Mental health: the key to building back better after COVID-19?
This panel discussion will shine a light on the systemic neglect of the mental health and psychosocial support (MHPSS) needs of communities affected by protracted crises. We will launch new research conducted jointly by World Vision and War Child in six conflict settings: South Sudan, DR Congo, Jordan, Lebanon, Palestine and Colombia. Panelists will include MHPSS experts from World Vision and War Child as well as MHPSS professionals from conflict-affected countries in Africa and the Middle East. Together, we will call for immediate changes to the humanitarian ecosystem to ensure a greater focus on MHPSS. Conflict-affected populations experience extraordinary levels of distress and are at heightened risk of developing psychosocial problems or mental disorders, with severe long-term implications. COVID-19 and its various socio-economic consequences are now taking an additional psychological toll. The large majority of people in conflict settings receive little psychosocial and no mental health support at all - due in part to a critical absence of humanitarian and development funding. Systemic change is urgently needed given the negative long-term implications of distress and the importance of mental health for building community resilience. This includes efforts by donors, humanitarians (local and international), as well as affected communities themselves to expand the provision of mental health care and psychosocial support.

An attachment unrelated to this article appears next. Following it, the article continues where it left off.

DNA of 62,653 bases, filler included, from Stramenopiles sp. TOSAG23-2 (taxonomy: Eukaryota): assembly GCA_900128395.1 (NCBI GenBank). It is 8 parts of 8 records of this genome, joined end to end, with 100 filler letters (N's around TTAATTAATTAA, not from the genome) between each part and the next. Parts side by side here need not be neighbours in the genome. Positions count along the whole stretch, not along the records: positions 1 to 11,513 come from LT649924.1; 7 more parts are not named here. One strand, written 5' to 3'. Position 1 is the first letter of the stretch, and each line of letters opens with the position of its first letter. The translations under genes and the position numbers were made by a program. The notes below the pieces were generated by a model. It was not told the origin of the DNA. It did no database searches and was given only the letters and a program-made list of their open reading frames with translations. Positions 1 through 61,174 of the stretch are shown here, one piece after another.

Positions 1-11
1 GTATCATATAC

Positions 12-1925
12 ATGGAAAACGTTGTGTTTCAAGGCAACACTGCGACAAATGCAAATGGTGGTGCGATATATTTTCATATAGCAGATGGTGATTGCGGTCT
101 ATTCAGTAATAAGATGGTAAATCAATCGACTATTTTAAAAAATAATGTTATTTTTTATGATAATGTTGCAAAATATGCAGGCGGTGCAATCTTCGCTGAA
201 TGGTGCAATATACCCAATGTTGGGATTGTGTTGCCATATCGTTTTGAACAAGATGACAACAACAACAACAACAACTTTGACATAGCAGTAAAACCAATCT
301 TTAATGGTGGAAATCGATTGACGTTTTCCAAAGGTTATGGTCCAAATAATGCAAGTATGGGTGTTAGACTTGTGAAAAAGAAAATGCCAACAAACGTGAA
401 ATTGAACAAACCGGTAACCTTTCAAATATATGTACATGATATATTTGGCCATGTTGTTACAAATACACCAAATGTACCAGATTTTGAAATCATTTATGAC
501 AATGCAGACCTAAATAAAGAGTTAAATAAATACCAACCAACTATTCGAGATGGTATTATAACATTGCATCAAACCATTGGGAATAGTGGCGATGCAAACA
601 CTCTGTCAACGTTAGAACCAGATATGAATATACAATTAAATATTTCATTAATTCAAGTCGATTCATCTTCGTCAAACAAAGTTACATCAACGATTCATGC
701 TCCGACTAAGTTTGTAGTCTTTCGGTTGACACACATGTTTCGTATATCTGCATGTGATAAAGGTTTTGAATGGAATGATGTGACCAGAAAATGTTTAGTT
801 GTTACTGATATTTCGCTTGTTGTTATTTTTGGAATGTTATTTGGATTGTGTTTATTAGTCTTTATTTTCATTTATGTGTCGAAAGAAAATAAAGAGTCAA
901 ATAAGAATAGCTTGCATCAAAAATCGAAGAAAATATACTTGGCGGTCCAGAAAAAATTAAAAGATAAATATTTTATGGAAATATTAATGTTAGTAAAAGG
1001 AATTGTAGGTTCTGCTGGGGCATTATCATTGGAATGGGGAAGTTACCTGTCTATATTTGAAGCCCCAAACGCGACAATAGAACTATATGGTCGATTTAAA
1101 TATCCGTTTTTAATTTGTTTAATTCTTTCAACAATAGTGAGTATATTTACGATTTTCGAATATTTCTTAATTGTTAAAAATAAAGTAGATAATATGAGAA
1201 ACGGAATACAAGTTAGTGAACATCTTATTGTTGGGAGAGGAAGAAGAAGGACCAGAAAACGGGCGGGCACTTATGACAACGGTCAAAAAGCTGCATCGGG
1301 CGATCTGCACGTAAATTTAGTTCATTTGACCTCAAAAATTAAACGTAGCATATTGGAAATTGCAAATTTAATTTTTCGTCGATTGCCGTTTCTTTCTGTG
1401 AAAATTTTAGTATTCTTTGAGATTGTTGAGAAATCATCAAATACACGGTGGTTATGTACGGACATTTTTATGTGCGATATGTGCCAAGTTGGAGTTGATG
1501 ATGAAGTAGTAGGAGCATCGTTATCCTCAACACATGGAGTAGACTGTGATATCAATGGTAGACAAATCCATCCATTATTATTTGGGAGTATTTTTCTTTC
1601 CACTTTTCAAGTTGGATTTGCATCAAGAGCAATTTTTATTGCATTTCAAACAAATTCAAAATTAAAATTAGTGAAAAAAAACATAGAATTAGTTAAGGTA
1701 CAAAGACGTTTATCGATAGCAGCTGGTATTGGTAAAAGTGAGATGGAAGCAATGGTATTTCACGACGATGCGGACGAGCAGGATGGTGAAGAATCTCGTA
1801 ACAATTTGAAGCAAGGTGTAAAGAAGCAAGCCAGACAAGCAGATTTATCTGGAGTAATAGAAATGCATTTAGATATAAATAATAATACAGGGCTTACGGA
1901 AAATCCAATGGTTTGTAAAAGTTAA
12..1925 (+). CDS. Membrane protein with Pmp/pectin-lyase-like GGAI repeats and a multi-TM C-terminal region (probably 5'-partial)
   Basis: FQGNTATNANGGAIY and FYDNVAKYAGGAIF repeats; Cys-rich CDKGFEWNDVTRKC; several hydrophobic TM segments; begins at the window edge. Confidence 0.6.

World Vision Report - The Silent Pandemic